Should we really co-sleep?

by | December 28, 2017

There are a lot of big opinions out there on co-sleeping

Historically speaking, co-sleeping was normal practice and is still today for almost 90% of the worlds population, even when this sometimes means that the fathers sleep in another room. Putting a child in his/her own bed to sleep (especially for infancy) only began about 200 years ago. So why is this topic such controversy in the western civilization?

In the year 1999, a warning was put out advising parents not to co-sleep with their infants due to the fact that there had been an alarming amount of infant deaths. Some of these deaths were attributed to children sleeping with their parents. Yet, while the media had declared these deaths were due to co-sleeping, there were no specifics about whether these children may have died from crib death, by parents who were under the influence, or if the parents simply did not have a safe sleeping environment for the child (sleeping on a waterbed, excessive sheets etc.) There simply was no evidence to suggest that co-sleeping was dangerous, just reactionary to people co-sleeping irresponsibly.

My opinion on the matter after almost 4yrs of experience is —

I wouldn’t do it any other way. It came so naturally for us. We had bought a crib for our first born, and never ended up using it. Our little one wanted closeness in those first weeks and months, and we were more than happy to give it to him. I breastfed, which meant that night feedings were much easier when he could find the boob himself. He could smell me and know he was safe.

I had read articles about how co-sleeping lowered the risk of SIDS due to the fact that the carbon monoxide that we breath out triggers the baby to breath. I don’t know if this is true, but the opportunity to be more aware of your child, their breathing, and general state is obviously much easier when they are closer.

Now for what some people would perceive as the negatives

Some will struggle with co-sleeping as they fear they sleep too hard. Generally for new mothers, this is not the case. Instinct kicks in and although you are sleeping, you are sleeping with “one eye open” in the sense that the littlest things your baby does will register.  Others worry that their partner will sleep too heavy and roll over on the baby. I can relate to this as my husband fell in to this category. We chose to always have a pillow between him and the baby if he was sleeping. Best for everyone.

And now that we have two littles that sleep with us we have upgraded and put another queen size mattress next to the old one and most nights I have both kids on one with me while he sleeps in the other. He is happy as can be as he has always liked his space during sleep. I, who likes being close during sleep, get a new understanding of “close” while my almost four year old is always trying to sleep on top of my face!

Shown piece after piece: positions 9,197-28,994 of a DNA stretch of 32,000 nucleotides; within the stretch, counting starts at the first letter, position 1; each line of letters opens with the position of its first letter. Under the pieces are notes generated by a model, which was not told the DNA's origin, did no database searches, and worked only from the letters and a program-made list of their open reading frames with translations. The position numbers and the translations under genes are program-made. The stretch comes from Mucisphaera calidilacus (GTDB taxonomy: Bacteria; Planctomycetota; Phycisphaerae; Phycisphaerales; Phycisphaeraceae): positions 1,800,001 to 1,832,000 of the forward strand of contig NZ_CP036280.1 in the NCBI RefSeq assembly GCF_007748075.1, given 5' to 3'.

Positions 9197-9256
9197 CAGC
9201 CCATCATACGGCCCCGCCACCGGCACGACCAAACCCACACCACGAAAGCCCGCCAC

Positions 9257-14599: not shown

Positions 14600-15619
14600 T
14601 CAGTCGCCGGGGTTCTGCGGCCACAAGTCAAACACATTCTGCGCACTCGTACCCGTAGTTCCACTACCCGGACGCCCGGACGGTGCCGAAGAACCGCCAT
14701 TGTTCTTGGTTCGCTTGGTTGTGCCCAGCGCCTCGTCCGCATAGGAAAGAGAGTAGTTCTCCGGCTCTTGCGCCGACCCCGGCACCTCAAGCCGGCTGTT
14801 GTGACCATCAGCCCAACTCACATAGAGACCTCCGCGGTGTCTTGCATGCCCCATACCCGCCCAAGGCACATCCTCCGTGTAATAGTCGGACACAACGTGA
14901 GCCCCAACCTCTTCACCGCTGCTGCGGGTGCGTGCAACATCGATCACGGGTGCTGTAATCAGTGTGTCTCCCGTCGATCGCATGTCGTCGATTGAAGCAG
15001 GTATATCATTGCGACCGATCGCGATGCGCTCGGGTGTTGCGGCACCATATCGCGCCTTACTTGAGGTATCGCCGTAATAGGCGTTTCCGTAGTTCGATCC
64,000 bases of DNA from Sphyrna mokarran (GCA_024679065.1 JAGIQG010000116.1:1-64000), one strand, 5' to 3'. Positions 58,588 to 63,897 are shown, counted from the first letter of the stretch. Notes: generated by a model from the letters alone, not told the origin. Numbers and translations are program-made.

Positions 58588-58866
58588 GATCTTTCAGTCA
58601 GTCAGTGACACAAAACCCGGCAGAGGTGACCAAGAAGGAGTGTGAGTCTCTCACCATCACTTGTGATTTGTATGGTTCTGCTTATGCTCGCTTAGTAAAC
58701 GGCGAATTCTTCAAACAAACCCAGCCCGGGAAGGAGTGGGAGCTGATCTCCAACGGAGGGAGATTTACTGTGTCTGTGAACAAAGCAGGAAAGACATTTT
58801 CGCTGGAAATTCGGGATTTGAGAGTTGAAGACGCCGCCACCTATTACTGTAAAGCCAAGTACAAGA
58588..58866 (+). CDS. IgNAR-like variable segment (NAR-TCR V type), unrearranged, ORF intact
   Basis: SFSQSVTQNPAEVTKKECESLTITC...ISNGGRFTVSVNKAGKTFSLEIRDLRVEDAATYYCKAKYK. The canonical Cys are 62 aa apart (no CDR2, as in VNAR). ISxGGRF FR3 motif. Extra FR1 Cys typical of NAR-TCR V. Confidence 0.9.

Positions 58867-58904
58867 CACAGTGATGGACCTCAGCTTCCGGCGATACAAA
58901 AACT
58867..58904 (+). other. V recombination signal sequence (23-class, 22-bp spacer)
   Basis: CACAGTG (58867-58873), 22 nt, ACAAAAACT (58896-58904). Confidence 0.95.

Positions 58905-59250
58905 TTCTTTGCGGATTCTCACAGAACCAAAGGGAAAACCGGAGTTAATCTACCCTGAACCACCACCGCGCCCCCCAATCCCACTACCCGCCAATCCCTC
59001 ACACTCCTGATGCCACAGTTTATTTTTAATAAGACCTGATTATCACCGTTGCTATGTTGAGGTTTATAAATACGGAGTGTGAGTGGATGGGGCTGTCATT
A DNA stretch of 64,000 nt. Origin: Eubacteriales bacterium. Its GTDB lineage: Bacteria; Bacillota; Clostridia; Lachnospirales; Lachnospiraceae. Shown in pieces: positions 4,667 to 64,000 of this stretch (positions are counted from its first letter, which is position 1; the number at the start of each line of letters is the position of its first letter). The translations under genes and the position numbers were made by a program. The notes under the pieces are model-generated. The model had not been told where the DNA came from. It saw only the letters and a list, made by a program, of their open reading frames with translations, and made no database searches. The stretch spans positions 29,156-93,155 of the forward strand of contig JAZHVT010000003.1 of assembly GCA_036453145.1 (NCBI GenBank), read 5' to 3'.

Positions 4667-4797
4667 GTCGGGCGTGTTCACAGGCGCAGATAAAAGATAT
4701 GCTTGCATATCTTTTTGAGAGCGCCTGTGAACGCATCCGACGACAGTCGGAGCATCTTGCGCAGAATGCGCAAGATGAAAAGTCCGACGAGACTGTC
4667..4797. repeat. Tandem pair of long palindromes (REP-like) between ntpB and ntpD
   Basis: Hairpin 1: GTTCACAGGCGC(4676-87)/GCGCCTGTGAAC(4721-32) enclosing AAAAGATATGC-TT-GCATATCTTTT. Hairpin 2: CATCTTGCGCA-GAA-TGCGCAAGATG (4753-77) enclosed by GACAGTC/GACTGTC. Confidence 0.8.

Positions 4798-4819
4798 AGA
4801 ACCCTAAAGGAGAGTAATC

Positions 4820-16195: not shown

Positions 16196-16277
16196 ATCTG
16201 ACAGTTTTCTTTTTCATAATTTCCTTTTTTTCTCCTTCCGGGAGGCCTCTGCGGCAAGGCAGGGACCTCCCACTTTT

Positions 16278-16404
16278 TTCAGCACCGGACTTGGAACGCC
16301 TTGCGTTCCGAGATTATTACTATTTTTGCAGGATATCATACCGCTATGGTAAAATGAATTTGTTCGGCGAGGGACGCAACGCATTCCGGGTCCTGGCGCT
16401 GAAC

Another option for those who want to co-sleep, but aren’t sure if is for them can always start off using a baby nest to lay the baby in. So they can be in the same bed, but not completely free in the bed. I really would personally never suggest having a new baby sleep any further from their parents than a crib in the same room. Not only does sleeping together help sync mom and baby’s rhythms, but it also reassures baby. Remember they just came out from being in mommy’s womb for 10 months and everything is new except the sound of her voice and her heartbeat.  Just as I would suggest for every new mother to try to breastfeed I would recommend for all new moms to try and co-sleep. Many websites have a lot of great information on co-sleeping tips. Here are a few that work for me:

  • Baby should always sleep on their backs on a firm surface
    • Don’t co-sleep on a waterbed, pillow or other extremely soft surface
  • There should not be any loose pillows, sheets or blankets near your baby’s face
  • Mattresses should be tight up against the wall or headboard
    • Baby should not be able to move into a space or crevice
Let’s talk about sex….maybe?

Sex life while co-sleeping? Well, I guess when it comes to this one I have to revert to the common answer of, “ Is the bed the only place you have sex?” For the years of co-sleeping you will maybe have to spice it up a bit. At our house our kids usually go to sleep a few hours before us, and we have plenty of time to come up with shenanigans.

All this being said, if you take sleeping medication or are under the influence you should never co-sleep with your child.



Categories: Babies, Parenting


One Response to “Should we really co-sleep?”

  1. Ashwani Garg
    April 11th, 2018 @ 5:26 am

    We have twin boys ourselves and I would be an advocate of cosleeping with a cosleeping bassinet which we used when they were babies. This provides an extra measure of safety. However as a medical provider I have personally known of 2 tragedies of mothers who were overweight and accidentally smothered the children. This can happen if someone has sleep apnoea which causes one to be unaware. Please make sure readers are aware of this condition and how in that case, cosleeping should not be done as the impairment can be as much as taking sedative drugs.

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